Ice House by Watchbury Farm, Barford

Description of this historic site

An icehouse dating to the Imperial period. Its unusual construction suggests that it may originally have been built for a different purpose, perhaps for curing and salting meat. It is situated 300m north east of the cemetery, Barford.

Notes about this historic site

1 2
The icehouse at Watchbury House is not true to type, and there may be some doubt as to its original purpose. It is oblong in plan, measuring approximately 6.2 by 4.7m and 1.4m high to the springing, and 2m high to the crown of the brick vaulted ceiling internally; the internal walls to the height of the springing of the vault (1.4m) are built in Warwick stone. The vaulting itself is constructed in fine 2 and a quarter inch bricks. The chamber is reached by a stairway of 12 brick steps and is lighted on the opposite side by a small window. The floor is paved with brick and a settle which runs part of the way around the walls may suggest that the chamber has been used at some time for salting and curing. The vaulting is covered externally by a bank of earth. There is cupboard space at the entrance to the chamber constructed of 3 inch bricks and this contains a hole for the admission of ice. The original flap doors to the entrance have disappeared. The passage from the entrance end of the chamber was built up some years ago. It is thought that the tunnel ran in a more or less direct line towards the boundary wall of the garden.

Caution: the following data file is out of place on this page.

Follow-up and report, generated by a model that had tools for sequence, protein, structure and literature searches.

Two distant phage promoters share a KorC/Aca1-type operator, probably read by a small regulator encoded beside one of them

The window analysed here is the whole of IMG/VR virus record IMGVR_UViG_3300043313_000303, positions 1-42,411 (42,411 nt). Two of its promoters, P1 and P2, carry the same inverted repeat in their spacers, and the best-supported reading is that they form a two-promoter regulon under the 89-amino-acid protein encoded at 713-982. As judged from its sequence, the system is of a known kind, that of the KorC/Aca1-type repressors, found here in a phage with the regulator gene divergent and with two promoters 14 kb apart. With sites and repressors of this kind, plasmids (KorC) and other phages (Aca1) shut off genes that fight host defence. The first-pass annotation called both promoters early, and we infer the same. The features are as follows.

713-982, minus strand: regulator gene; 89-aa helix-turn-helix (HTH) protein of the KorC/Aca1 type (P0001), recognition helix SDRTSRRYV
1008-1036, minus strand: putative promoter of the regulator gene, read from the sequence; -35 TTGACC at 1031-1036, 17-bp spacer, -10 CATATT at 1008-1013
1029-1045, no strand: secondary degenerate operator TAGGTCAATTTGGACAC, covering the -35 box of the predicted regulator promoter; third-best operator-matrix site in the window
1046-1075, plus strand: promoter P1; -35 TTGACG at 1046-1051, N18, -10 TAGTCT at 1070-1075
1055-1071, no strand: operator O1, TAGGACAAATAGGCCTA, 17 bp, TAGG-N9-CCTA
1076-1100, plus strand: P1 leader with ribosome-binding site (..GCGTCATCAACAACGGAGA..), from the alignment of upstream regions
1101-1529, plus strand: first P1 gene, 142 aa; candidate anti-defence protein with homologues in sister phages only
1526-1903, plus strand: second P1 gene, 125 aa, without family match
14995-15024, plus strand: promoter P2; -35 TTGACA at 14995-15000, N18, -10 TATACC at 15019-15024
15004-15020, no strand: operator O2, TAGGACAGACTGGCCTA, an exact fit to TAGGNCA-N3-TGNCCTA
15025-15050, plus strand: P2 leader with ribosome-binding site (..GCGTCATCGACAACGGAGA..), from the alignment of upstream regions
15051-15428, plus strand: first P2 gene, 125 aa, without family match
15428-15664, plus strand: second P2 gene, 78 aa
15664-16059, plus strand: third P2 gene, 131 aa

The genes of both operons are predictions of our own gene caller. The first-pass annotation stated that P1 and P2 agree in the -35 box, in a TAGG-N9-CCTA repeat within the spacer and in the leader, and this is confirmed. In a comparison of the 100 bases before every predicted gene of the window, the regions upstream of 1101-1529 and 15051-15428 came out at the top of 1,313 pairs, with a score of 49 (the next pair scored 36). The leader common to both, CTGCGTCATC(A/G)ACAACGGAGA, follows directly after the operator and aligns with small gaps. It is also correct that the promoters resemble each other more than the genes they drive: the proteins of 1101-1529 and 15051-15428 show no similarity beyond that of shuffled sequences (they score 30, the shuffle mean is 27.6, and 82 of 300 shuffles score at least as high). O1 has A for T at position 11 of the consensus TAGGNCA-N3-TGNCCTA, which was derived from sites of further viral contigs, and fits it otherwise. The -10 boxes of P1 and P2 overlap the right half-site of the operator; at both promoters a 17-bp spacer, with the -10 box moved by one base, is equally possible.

3 Watchbury House and gardens have now been divided into 3 separate properties. The icehouse is situated in the garden of Little Watchbury House. It is in good condition.
4 Ice house of Watchbury House still survives; now in grounds of Little Watchbury.
5 Beamon and Roaf report that the brick stairway is 3 ft (1m) wide. The walls of the chamber are of Warwick stone, the vaulted roof is of bricks as is the floor. The ledge which runs partly round the walls is 1 ft 9 ins (0.53m) wide. The whole structure is covered with earth and planted with shrubs, mainly yew.
Beamon and Roaf add that local memory suggests that a passage led from the chamber and ‘passed under the road’ – its destination is unknown.

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